Monsoon (June, July & August)
During these months, Bhutan receives more rainfall than any other region in the Himalayas. Glorious sapphire skies and warm weather is a pleasant time to spend visiting places of cultural and historical interest though this season is not the best time for trekking. Enjoy a cup of warm, aromatic tea while watching the rainfall from your hotel window. Or if you possess an adventurous spirit, grab an umbrella/raincoat while it is raining and take a day tour through the town.
Winter (December, January & February)
Winter in Bhutan is sunny, cool and agreeable to say the least. Much of the east-west highway remains snowbound during winter. It is the best time to tour the western districts of Paro, Wangdue, Punakha, Thimphu and Haa. One of the chief attractions in winter is the beautiful Gangtey (Phobjikha) valley where you can expect to see a wide expanse of rolling plain with bamboo shrubs.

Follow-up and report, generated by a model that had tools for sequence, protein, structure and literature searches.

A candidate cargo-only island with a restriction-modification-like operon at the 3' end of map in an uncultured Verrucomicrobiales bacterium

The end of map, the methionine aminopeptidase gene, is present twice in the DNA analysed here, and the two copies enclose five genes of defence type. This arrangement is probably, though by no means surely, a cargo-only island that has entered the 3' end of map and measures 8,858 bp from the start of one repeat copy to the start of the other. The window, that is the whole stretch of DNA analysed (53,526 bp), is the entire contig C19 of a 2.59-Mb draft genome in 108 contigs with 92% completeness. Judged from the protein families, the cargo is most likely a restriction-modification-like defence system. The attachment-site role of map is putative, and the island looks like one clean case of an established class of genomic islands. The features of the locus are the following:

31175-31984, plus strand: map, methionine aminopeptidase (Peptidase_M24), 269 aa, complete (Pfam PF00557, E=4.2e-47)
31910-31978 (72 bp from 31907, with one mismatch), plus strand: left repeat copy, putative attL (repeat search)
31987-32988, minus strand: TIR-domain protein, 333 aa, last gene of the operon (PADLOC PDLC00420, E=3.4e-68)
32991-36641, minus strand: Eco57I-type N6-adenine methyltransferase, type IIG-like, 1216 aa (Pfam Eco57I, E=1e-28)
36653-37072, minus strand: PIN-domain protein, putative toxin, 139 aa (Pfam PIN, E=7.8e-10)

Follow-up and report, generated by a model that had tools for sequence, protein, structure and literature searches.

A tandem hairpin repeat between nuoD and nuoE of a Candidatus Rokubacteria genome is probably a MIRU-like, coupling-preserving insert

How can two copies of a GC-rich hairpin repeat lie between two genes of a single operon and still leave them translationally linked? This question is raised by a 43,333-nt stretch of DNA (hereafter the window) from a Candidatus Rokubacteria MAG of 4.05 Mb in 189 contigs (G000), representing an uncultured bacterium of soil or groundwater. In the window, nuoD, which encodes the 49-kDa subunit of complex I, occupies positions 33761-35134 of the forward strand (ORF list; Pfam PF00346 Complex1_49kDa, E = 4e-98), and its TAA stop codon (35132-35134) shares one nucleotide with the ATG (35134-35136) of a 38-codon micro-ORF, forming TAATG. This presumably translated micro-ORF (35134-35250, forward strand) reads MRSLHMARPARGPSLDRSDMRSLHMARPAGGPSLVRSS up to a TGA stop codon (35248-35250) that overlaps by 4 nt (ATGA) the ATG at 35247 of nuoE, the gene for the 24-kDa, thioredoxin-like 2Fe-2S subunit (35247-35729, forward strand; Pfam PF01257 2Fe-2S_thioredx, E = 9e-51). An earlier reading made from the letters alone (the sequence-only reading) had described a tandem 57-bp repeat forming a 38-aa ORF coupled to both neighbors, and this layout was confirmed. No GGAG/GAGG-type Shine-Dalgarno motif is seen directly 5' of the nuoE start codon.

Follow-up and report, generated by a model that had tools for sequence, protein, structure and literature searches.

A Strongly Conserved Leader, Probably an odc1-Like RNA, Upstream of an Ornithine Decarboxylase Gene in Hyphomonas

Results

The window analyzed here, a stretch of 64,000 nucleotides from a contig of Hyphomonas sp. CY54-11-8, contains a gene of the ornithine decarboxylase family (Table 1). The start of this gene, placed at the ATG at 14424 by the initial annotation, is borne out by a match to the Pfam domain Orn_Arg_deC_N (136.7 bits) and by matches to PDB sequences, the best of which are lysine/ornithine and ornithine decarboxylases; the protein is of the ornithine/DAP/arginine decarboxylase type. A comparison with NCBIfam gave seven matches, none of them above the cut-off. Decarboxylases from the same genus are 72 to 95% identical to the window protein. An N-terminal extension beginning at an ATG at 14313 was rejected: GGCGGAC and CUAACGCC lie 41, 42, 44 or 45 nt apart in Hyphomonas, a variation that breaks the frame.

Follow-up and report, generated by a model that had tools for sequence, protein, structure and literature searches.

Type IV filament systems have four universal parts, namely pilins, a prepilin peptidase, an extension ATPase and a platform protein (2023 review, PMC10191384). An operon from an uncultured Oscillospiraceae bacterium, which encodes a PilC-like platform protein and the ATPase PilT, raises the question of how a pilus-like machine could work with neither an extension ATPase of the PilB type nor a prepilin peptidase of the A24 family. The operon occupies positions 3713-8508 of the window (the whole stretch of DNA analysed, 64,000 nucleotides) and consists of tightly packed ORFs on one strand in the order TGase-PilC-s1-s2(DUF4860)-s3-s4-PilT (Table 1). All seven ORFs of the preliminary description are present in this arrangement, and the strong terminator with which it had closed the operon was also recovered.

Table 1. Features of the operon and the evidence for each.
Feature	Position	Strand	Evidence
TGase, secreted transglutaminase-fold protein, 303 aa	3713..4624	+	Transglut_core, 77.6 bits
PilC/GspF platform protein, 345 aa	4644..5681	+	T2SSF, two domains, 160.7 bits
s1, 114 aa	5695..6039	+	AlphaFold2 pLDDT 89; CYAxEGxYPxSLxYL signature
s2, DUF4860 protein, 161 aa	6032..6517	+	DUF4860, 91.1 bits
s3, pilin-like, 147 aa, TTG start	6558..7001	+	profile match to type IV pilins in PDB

- Credit cards are not a convenient source of payment in Bhutan as only a handful of hotels in a few places provide this facility. Also, only MasterCard and Visa. US dollars are the most convenient currency and are cashed by most banks.
- You should avoid drinking tap water altogether, but it is okay to use it for brushing your teeth. Bottled water is widely available and is best for drinking. It is also wise to carry water purification tablets when trekking in remote locations of Bhutan.
- The local currency is the Ngultrum, which is pegged to the Indian Rupee. Note: The Indian Rupee in denominations of 500 and 1000 are no longer accepted in Bhutan.
- Bhutan is the only country in the world that has banned the consumption and sale of tobacco, resulting in smoking being largely disallowed in public places. Having said that, consumption is not completely prohibited in Bhutan so if you want to smoke, bring your own cigarettes and ask your guide where you can light up. (seal opened pack only)
- Tuesdays are considered the national 'dry day,' with the sale of alcohol prohibited.
- When taking photos/filming inside Dzongs, monasteries, temples, or any religious institutions, check with your guide whether it is permitted as some areas do not allow it.